Tuesday, July 8, 2008

The Basic Design: MVC

As software developers, we have to make design decisions constantly. Something seemingly as simple as a bug fix can raise questions regarding design. I know that while Will and I analyzed the problems we were confronted with, we always ended up with the same general design guideline: Separate the business logic from the user interface.

I understand that this isn't a ground-breaking discovery, but it's something that all developers I know have learned the hard way. In fact, the Model-View-Controller Pattern (MVC) is the de facto design for the aforementioned solution. Unfortunately, the pattern doesn't spell out the class definitions and their interactions specifically. Instead it leaves those details to the developer. Hence, it's specification as a pattern. Not to mention the slight variations of it's definition a developer will find when typing "MVC" into the Google search box. I'd like to explore this pattern and describe a possible implementation in C#.

Before I do so, I feel it's appropriate to mention that the ASP.NET team has created a MVC Framework, which I will not be discussing in this blog.

First, let's define the problem. We have an application that doesn't have a clear design to it and we've been asked to implement a feature that adds, removes, and updates users and roles. Roles can contain many users as well as many roles. The users and roles will be used throughout the application and we know that maintenance will become an issue if we don't start thinking about the overall design.

The first step is easy: Define a User class and a Role class.

Now that we have the objects defined, we have to understand how interactions with these objects will take place. This is where the user interface comes into play. Several UI objects (windows, dialogs, etc...) need access to the objects.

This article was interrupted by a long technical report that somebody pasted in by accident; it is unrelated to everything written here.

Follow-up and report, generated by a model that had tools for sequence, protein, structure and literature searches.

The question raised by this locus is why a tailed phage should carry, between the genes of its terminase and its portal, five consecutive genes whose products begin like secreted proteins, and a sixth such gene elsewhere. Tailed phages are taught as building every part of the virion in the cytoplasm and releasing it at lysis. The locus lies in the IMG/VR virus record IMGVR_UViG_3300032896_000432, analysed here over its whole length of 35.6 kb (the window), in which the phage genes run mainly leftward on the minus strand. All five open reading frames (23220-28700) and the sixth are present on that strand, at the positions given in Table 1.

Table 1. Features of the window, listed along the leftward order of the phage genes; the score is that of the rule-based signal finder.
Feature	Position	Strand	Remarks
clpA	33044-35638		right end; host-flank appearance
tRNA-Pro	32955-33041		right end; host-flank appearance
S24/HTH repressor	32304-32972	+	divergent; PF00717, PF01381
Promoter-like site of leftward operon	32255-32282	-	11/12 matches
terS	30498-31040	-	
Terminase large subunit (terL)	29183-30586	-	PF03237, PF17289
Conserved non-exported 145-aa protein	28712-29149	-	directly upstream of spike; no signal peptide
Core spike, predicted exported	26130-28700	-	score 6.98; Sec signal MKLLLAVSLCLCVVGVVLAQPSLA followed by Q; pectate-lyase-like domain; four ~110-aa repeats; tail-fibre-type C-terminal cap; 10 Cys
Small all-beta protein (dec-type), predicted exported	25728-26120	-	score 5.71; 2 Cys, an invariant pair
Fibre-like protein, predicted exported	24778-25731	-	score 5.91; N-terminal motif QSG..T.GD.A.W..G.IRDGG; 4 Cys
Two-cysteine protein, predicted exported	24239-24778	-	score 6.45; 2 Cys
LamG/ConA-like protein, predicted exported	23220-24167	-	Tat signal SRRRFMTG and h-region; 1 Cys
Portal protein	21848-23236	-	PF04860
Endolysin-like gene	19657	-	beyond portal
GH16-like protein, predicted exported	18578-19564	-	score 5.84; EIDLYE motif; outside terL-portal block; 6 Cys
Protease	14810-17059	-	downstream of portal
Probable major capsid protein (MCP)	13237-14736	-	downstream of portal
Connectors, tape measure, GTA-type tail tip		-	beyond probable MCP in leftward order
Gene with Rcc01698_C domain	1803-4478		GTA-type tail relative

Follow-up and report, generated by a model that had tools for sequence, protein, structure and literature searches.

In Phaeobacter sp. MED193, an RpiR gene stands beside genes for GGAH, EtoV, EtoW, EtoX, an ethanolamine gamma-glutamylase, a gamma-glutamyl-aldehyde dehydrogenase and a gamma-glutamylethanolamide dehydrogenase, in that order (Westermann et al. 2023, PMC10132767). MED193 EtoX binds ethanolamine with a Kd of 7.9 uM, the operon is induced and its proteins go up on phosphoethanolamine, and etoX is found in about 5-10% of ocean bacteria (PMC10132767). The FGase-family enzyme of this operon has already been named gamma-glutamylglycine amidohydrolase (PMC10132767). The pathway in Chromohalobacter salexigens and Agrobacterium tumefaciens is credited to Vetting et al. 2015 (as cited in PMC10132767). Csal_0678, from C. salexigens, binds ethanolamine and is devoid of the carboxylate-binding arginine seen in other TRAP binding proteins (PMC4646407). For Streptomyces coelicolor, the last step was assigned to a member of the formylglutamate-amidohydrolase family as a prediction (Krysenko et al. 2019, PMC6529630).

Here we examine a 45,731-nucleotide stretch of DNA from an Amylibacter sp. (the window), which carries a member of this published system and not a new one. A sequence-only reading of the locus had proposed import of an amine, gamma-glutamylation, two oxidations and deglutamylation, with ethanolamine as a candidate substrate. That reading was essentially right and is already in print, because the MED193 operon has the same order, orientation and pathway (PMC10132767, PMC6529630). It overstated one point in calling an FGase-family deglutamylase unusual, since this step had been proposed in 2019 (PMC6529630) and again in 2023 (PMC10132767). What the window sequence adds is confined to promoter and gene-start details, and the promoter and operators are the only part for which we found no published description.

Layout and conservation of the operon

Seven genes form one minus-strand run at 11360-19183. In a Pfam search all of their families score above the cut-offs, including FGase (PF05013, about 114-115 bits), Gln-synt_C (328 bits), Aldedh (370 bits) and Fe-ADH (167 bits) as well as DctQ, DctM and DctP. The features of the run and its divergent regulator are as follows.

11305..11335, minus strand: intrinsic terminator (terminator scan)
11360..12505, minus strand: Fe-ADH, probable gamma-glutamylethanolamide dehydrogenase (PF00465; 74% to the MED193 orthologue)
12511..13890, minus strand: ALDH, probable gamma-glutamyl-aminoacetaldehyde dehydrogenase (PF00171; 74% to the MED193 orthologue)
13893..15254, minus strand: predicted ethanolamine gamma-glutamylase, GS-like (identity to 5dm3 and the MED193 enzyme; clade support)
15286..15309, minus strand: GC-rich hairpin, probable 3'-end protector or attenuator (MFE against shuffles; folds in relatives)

Since the UI needs to display the users and roles as well as have an interface for adding, removing and updating them, we can certainly create instances of the objects all of the UI classes. If we do this, we soon realize that every time we add a user to a role, we have to call the appropriate methods elsewhere in the UI code to persist the changes. This becomes problematic because every time we add a UI object, we have to call methods on those objects as well as have references to them.

Example code in one of the UI objects:
private void OnAddRoleClick(object sender, EventArgs e)
Role newRole = new Role();

What if a third UI object is created that is interested in roles? That object will also have to maintain a role collection, pass it's instance passed to the two existing UI objects, and expose public method to add have roles added to it. In other words, for every UI object added, every existing UI object must be updated. This isn't going to be easy to manage in the long run.

Now is a good time to separate the business logic from the UI. To do this, we will create one object that manages the user and role objects and pass an instance of it to the UI objects. Lets call that object "Application."

The Application object represents the Model of the MVC pattern. We already have the View of our application defined by the UI, so now we have to connect the two. This is where the Controller comes into play. The Controller is responsible for responding to events and invoking changes to the Model. In C#, this can be accomplished by raising events from the user and role classes and handling UI events to update the Model in the UI objects.

Here is what the Model will look like with the new Application class and the appropriate events exposed:

All we need to do now is pass an instance of the Application class to the UI objects, handle the UserAdded and RoleAdded events in the UI code, call into the Model from the UI when the user adds roles and users, and we're done! Well, not really. With most design solutions comes a number of smaller design problems. I'd like to explore some of those problems in my next post: Object Models and the Observer Pattern.

No comments: